Why your partner won’t measure up (and why that’s ok)
For most of recorded history, people married for logical reasons: because it made sense economically to our families, or because it would help business or trade, or even survival! We very rarely marry for these reasons anymore, with most of us being much more drawn to the freedom of choosing our own partner, and the concepts of romance, falling in love, intuition and ‘knowing’ when someone is ‘right’ for us.
Romanticism killed relationships
The romanticism movement has been unhelpful to us, as it has set us up to view our partnerships as an endless ride of hedonistic pursuits and when it isn’t, we regard it as unexceptional and problem ridden. We often, therefore, end up lonely in our relationships, convinced that our union, with its imperfections, is not the ‘right’ union for us- and we then make efforts to ‘fix’ it, or stay but feel deterred by it, or leave it all together.
We hope that the person we fell in love with, the person we did not know everything about, and that was a particular way when we met or married them will be our everything: will be our lover, our friend, our confidant, our business mentor and our taxi driver. We expect that they will never change (if they were wonderful to start with) or definitely change (if that is what you deem is required), we hope that they will measure up to our expectations of them and the union, and when they don’t, we are bitterly disappointed. What we should instead do is adopt a more forgiving, humorous and kind perspective, knowing that our partner will never measure up, and that that’s ok.
Why your partner wont measure up
1) We all put our best foot forward when we date:
When we are dating, we are looking for similarities with future mates, we are seeking to be liked, to like, and to not show ‘too much’ of our true selves for fear of disapproval. Although it is fundamentally human to do this, I would urge all of you (dating or in a relationship) to show as much of your ‘crazy’ as possible. This can be difficult, and vulnerability inducing, but it will save you much time and heartache in the long run.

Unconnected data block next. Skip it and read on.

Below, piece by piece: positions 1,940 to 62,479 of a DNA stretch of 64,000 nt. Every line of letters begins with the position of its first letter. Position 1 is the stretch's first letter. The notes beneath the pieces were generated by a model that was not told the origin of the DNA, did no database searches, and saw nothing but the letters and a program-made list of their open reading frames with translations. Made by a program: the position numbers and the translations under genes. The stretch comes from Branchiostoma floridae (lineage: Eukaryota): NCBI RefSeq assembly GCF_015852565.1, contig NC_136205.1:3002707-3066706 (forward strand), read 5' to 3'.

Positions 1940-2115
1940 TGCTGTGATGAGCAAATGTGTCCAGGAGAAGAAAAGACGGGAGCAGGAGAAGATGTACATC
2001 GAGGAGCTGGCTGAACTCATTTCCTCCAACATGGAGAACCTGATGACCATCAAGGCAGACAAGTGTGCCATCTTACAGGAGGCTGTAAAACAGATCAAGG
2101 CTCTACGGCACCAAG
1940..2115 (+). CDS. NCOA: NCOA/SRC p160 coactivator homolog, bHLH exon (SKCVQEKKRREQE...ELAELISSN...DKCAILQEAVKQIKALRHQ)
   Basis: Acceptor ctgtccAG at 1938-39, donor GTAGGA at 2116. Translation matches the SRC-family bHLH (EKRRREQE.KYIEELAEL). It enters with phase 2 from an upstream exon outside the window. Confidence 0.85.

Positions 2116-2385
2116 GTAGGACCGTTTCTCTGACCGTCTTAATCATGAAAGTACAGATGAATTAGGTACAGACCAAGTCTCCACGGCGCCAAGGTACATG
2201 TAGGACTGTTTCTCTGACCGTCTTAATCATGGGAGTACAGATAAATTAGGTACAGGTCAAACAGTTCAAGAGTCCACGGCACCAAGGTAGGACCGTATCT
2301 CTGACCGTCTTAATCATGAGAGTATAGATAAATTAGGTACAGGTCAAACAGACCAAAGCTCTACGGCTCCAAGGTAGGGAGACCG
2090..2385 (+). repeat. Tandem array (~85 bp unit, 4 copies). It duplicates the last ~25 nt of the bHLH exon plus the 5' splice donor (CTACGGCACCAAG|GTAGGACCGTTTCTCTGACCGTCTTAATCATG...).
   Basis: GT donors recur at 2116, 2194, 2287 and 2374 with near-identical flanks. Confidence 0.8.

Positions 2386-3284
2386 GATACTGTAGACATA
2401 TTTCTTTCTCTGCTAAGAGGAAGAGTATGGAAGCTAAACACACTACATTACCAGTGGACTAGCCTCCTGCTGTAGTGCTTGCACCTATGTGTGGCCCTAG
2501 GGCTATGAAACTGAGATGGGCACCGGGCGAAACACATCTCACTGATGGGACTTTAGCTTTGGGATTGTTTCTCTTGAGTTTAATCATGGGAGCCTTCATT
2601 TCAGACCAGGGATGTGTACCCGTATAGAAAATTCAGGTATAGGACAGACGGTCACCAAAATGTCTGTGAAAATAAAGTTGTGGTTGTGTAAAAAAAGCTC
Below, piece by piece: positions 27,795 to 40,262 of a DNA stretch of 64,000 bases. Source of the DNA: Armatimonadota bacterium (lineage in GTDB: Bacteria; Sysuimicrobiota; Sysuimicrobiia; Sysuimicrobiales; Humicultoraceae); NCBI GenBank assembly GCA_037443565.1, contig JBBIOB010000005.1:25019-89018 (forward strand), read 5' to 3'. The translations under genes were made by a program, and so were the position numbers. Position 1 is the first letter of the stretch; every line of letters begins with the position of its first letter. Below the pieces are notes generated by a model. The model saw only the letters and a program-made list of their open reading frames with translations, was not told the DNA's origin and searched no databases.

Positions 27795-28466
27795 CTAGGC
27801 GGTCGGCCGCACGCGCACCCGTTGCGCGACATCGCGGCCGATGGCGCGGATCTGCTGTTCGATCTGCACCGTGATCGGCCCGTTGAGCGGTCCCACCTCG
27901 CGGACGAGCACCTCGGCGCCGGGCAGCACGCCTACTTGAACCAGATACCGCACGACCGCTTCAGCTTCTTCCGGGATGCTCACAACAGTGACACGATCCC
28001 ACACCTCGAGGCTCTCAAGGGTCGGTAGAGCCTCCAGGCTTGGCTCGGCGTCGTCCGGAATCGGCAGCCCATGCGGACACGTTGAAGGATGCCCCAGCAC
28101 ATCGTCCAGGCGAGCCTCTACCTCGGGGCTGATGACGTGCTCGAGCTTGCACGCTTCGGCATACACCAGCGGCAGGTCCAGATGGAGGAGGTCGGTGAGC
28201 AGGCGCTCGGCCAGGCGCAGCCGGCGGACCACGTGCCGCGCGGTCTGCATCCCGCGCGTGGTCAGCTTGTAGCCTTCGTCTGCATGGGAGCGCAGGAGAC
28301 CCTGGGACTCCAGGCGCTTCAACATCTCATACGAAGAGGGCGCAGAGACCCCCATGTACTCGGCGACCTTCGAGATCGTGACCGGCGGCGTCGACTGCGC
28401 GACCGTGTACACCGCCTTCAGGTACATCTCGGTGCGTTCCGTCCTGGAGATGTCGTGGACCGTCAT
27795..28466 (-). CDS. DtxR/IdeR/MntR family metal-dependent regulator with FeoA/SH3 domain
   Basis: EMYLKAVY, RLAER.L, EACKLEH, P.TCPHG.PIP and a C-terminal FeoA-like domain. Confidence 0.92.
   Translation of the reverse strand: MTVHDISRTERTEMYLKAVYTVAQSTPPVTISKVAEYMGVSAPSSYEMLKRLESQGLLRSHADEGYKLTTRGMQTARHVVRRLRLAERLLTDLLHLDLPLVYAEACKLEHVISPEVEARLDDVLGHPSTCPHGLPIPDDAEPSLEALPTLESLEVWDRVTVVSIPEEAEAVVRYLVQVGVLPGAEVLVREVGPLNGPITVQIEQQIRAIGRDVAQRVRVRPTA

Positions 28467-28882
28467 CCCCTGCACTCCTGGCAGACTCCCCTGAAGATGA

2) We rarely delve into our complexities before we settle down with someone:
Whenever relationships threaten to reveal our flaws, we often feel threatened, insecure and fearful, and resort to either hiding them or running away. Become comfortable with your insecurities, your past, who you are and aren’t (this might be helpful to do with a psychologist), and work through this stuff before you get into a relationship, so that you don’t feel the need to ‘mask’ who you are when you are in one. This also helps when looking for a partner, as you will be looking for another ‘whole’ person, and not someone to ‘fix you/fulfil you/be your everything’.
3) Expectorations vs reality,
Specifically that a perfect being exists who can meet all our needs and satisfy your every yearning.
This is something I hear too often, and sets couples up for disaster. Your relationship is an addition to a beautiful life, filled with friends, hobbies, family, work and all of the wonders that we call living. Putting pressure on your partner to fulfil you in every sense is not fair on you or them.
Written by Rajna Bogdanovic
Clinical Psychologist – Clinical Psychology BPsychology/Education (Hons), MPsych(Clin) MAPS
Rajna is a clinical psychologist whose enthusiasm and passion for supporting people has led her to working with children, adolescents and adults across multiple contexts.
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